Public Goods Games and Psychological Utility: Theory and Evidence
45 Pages Posted: 8 Mar 2017
Date Written: January 20, 2017
We consider a public goods game which incorporates guilt-aversion/surprise-seeking and the attribution of intentions behind these emotions (Battigalli and Dufwenberg, 2007; Khalmetski et al., 2015). We implement the induced beliefs method (Ellingsen et al., 2010) and a within-subjects design using the strategy method. Previous studies mainly use dictator games - whose results may not be robust to adding strategic components. We find that guilt-aversion is far more important than surprise-seeking; and that the attribution of intentions behind guilt-aversion/surprise-seeking is important. Our between-subjects analysis confirms the results of the within-subjects design.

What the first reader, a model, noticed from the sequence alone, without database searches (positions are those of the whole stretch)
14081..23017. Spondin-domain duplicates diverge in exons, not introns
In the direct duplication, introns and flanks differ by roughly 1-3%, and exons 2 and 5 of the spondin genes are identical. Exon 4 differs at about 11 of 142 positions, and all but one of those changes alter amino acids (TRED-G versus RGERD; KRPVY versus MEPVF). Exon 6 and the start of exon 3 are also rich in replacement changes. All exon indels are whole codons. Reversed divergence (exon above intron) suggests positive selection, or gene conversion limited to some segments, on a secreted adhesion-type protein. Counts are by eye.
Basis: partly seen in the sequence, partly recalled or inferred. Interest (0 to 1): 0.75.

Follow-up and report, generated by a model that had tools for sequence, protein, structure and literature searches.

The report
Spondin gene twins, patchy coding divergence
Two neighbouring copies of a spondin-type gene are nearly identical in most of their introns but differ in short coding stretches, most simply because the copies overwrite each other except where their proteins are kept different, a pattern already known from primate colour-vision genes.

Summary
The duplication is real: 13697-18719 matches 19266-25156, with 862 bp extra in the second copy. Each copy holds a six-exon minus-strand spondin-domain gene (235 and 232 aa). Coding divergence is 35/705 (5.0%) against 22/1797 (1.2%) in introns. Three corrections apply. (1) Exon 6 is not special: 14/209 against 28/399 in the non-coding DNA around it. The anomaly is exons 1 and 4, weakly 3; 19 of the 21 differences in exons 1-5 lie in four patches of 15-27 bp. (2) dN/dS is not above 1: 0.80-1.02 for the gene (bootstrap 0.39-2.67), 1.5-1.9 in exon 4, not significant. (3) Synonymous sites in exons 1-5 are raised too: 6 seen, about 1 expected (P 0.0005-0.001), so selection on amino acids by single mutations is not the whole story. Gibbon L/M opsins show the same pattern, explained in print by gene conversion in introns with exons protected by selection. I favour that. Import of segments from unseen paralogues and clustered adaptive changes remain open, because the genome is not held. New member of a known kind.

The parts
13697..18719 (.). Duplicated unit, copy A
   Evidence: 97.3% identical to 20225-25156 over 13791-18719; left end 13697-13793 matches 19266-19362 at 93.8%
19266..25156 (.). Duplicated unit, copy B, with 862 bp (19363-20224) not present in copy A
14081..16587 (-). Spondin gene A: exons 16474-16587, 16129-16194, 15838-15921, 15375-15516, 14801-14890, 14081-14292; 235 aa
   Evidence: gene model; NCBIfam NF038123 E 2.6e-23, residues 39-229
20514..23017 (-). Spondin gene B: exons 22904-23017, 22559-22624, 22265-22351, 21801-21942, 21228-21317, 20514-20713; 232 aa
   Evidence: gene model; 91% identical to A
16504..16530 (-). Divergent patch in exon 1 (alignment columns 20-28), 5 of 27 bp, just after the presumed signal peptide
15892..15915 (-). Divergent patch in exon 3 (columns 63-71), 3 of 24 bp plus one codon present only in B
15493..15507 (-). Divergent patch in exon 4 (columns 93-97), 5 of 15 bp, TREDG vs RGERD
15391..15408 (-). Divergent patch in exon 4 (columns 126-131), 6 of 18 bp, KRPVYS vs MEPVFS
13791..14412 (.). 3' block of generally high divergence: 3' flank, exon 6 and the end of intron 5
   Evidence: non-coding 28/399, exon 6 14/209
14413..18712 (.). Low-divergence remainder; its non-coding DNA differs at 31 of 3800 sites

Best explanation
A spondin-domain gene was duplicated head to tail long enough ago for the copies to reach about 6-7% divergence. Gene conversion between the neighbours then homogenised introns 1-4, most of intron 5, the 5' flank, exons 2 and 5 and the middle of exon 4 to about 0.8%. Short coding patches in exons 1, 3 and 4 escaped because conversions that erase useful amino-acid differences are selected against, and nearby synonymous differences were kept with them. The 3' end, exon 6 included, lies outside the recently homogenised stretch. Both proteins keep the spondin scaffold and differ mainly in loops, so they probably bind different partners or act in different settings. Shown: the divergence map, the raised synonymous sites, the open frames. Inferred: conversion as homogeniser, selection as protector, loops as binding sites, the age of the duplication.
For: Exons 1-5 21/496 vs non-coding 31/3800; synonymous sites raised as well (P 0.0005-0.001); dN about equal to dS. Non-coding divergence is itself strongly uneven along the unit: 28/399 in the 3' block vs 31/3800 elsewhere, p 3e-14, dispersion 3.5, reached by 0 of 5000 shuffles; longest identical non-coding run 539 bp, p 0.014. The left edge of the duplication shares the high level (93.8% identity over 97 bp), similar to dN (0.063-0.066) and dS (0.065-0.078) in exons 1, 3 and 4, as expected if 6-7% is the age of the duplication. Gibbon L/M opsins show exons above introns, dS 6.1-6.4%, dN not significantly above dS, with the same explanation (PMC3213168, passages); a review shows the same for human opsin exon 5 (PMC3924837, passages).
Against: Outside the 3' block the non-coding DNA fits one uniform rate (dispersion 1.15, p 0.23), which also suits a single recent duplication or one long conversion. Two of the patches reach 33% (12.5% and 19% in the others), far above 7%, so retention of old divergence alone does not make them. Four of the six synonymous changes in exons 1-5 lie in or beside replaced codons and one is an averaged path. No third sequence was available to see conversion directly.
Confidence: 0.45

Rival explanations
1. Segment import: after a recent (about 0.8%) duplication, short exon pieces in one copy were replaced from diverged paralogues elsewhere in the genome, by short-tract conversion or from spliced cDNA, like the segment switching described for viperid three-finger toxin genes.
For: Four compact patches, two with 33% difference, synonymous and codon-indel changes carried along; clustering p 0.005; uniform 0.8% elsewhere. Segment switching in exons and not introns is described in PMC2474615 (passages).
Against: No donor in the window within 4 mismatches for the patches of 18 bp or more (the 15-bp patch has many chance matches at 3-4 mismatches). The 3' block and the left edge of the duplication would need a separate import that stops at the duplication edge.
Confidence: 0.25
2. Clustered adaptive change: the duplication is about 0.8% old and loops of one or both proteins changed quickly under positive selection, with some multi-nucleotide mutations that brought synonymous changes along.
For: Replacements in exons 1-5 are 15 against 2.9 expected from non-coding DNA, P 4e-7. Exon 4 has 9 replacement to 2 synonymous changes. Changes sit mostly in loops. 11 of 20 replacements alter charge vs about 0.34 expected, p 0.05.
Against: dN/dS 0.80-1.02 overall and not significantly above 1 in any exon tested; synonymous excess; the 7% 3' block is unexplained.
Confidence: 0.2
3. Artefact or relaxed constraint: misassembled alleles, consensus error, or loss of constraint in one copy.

Keywords: Public goods games, psychological game theory, surprise-seeking/guilt-aversion, attribution of intentions, induced beliefs method, within and between subjects designs.
JEL Classification: D01 (Microeconomic Behavior), D03 (Behavioral Microeconomics), H41 (Public Goods).
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